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MLB All-Star Game: Why "This Time It Counts" Needs To Go

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MLB All-Star Game:  Why
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The All Star experiment has gone on long enough.

Let's imagine a completely hypothetical situation.  Florida Marlins first baseman Gaby Sanchez comes to the plate in the ninth inning of a one run game with the bases loaded and the chance to give his team homefield advantage in the World Series.  Surely, you think, this must be a late September game, in the middle of a pennant race.  Sadly, you would be mistaken.

It is actually the All Star game.

After the debacle which was the 2002 All-Star game ended in a tie, deciding which league would get home-field advantage in the World Series would be based on the result of the All-Star game seemed like a good idea.

Making the game "count," as Fox Sports constantly reminded its viewers, would drum up interest in the Midsummer Classic, MLB executives believed. 

Well, eight years after the game started counting, fans still couldn't care less.  Ratings for last year's game in Anaheim were the lowest in history, as fewer than 10 million fans tuned in.  With "This Time It Counts" obviously not working, it is high time commissioner Bud Selig admitted defeat and returned the All-Star game to what it always had been before: a pure exhibition game.

The All-Star game is billed as a reward for players.  It is meant to honor the best players in the game.  All players are honored, not simply the ones on a contending team.  That means a Baltimore Oriole or a Houston Astro could potentially impact the postseason fate of the New York Yankees or Philadelphia Phillies.  That is simply not fair. 

Should the All Star Game decide homefield advantage in the World Series?

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Last year, in a key play, Marlon Byrd threw out David Ortiz at second base in the ninth inning.  Neither player played in the postseason, yet this play had a huge impact on the World Series, as the San Francisco Giants benefited from home-field advantage.

The best players are not on the field when the game matters most.  The starters barely play three innings before retreating to the dugout to clown around with their teammates.  With starters usually getting only two at-bats, the best hitters are often not in the game when a late inning rally is needed. 

Not to mention, the best players do not always even play in the game.  Pitchers who start the Sunday before the All-Star game are not even eligible to pitch in the game.  This year, two such pitchers are Cole Hamels and CC Sabathia.

The fact that fans play an important role in electing the All-Star game starters makes awarding home-field advantage even more dubious.  Fans should be given the chance to select the players they want to see, but that doesn't mean they will always make the right picks.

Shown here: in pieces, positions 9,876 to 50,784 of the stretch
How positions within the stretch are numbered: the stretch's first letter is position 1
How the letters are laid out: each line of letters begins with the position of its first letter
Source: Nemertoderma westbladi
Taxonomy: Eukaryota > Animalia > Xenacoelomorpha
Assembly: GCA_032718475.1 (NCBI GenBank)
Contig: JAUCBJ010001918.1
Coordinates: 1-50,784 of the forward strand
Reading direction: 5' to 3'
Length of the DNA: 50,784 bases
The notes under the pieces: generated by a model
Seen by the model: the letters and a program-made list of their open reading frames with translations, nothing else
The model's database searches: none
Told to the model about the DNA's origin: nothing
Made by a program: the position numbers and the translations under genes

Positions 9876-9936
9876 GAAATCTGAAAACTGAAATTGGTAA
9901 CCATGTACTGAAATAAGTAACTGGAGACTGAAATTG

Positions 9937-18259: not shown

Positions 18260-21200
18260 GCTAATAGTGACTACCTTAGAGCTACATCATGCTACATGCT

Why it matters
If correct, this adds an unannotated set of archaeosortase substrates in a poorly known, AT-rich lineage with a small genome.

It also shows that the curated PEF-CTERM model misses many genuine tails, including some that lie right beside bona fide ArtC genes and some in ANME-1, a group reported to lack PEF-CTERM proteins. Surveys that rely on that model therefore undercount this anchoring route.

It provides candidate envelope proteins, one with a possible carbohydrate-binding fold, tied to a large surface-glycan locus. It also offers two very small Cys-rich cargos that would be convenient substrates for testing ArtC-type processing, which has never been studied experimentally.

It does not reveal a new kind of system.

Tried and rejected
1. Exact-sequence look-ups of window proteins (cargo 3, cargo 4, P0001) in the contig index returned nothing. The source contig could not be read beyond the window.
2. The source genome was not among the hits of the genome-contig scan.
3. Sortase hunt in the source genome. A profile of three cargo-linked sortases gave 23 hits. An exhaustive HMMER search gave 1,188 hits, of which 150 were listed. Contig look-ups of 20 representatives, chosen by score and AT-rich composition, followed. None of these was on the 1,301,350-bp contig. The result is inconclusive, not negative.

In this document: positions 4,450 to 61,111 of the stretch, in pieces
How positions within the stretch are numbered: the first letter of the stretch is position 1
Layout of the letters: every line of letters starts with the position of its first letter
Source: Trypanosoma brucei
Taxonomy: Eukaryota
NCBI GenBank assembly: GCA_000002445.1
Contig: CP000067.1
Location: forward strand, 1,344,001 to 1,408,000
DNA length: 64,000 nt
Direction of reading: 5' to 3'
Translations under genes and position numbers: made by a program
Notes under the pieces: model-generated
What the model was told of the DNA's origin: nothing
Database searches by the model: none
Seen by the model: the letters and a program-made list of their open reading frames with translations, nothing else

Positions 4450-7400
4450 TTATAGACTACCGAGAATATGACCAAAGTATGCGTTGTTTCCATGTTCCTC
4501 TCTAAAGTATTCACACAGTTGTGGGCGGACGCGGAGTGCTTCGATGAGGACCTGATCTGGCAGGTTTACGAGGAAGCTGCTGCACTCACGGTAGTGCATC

There is plenty of room for sentimental picks—Cal Ripken's 19 consecutive selections are a prime example—and these picks allow fans one last chance to honor their favorite stars.  However, if something as important as home-field advantage in the World Series is going to be decided with a 37-year-old shortstop, Derek Jeter, (who is obviously in decline and has not played in nearly a month,) the selection process should be changed.

I have watched every All-Star game for as long as I can remember, whether it "counted" or not, and was rewarded with some very memorable moments.  Who could forget the tribute to Ted Williams at Fenway Park, Randy Johnson's dominance, which prompted Larry Walker to turn around and switch hit or Ripken's memorable send-off in Seattle? 

True baseball fans were watching and witnessed all these events.  True baseball fans are still watching the All-Star game faithfully each year.  These are the fans the MLB should be focused on. 

Nothing against Gaby Sanchez, but a player from a last place team should not be a deciding factor in where Game 7 of the World Series takes place.  Imagine if the Philadelphia Phillies or the Yankees lose homefield advantage in the World Series because a player like Gaby Sanchez or Aaron Crow of the Royals fails to come through in the clutch?

Making the All-Star game "count" was a knee-jerk reaction to the fluky tie in 2002.  It is time to end this experiment and return the All-Star game to what every All-Star game should be:  an exhibition game that brings together the best players in the game for one memorable night every summer.

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